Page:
Chris and Annie Newman quit city jobs to become
first-gen farmers (Stateline photo by Rollie Hudson)
The first hurdle for young farmers is securing land, Wiltz writes. "According to the NYFC survey, 70 percent of farmers under 30 rent farmland, compared to 37 percent of farmers over 30. Farmers who were raised on a farm were much more likely to own land—65 percent—compared to 50 percent of farmers who did not grow up farming."
Holly Rippon-Butler, land access campaign manager for the National Young Farmers’ Coalition, said "more than two-thirds of American farmland is currently being farmed by individuals who are 55 and older, who will be nearing retirement over the next couple of decades," Wiltz writes. Rippon-Butler told Wiltz, “If we don’t help the young generation of farmers get on the land, retiring farmers will quickly run out of people to sell the land to, individuals who will continue to grow food on it and treat it as farmland.”
Some states have created programs to help young, new farmers, Wiltz writes. "Missouri, Maryland and Virginia, for example, are among the states that help prospective farmers access available land, while Massachusetts, Minnesota and Delaware provide financial assistance to independent farmers who are just starting out, according to the National Conference of State Legislatures."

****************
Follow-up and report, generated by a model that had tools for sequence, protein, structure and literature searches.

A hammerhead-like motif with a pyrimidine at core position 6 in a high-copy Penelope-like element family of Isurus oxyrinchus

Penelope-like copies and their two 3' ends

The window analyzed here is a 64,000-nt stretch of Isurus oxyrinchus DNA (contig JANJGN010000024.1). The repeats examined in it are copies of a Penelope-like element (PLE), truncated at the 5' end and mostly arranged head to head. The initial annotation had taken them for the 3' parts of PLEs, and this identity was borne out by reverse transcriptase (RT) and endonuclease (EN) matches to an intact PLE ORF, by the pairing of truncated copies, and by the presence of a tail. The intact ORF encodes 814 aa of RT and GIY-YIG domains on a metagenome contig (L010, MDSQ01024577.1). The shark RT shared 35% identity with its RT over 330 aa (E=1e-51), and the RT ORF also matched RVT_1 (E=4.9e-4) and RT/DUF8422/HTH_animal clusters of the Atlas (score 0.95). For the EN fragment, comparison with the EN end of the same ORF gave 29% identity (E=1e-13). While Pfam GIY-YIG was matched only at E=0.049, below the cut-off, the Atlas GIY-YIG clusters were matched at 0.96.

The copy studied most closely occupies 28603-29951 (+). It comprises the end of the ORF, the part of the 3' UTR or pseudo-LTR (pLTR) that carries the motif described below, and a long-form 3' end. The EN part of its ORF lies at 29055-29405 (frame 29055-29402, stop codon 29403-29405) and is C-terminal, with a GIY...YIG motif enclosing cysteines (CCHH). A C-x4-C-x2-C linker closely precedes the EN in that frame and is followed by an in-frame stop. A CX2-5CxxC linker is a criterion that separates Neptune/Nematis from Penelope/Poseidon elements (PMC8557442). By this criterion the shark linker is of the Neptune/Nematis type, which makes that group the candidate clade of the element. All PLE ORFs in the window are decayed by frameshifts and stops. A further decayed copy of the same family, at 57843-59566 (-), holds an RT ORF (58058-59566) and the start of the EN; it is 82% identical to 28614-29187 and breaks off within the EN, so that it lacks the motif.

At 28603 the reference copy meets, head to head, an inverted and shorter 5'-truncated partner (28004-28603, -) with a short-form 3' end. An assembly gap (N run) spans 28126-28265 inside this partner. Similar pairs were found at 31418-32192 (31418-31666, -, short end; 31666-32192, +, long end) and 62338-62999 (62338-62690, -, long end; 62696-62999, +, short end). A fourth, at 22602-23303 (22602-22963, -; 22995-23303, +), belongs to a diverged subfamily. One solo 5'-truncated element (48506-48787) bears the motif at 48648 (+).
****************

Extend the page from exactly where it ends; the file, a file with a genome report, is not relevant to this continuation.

"In Nebraska and Iowa, landowners are offered tax incentives to sell or lease land to young farmers," Wiltz writes. "Other states are experimenting with conservation easement programs, which designate certain amounts of land as farm; developers can’t buy the land, and, for example, turn it into condos. Anyone buying the land has to use it strictly for agriculture." (Read more)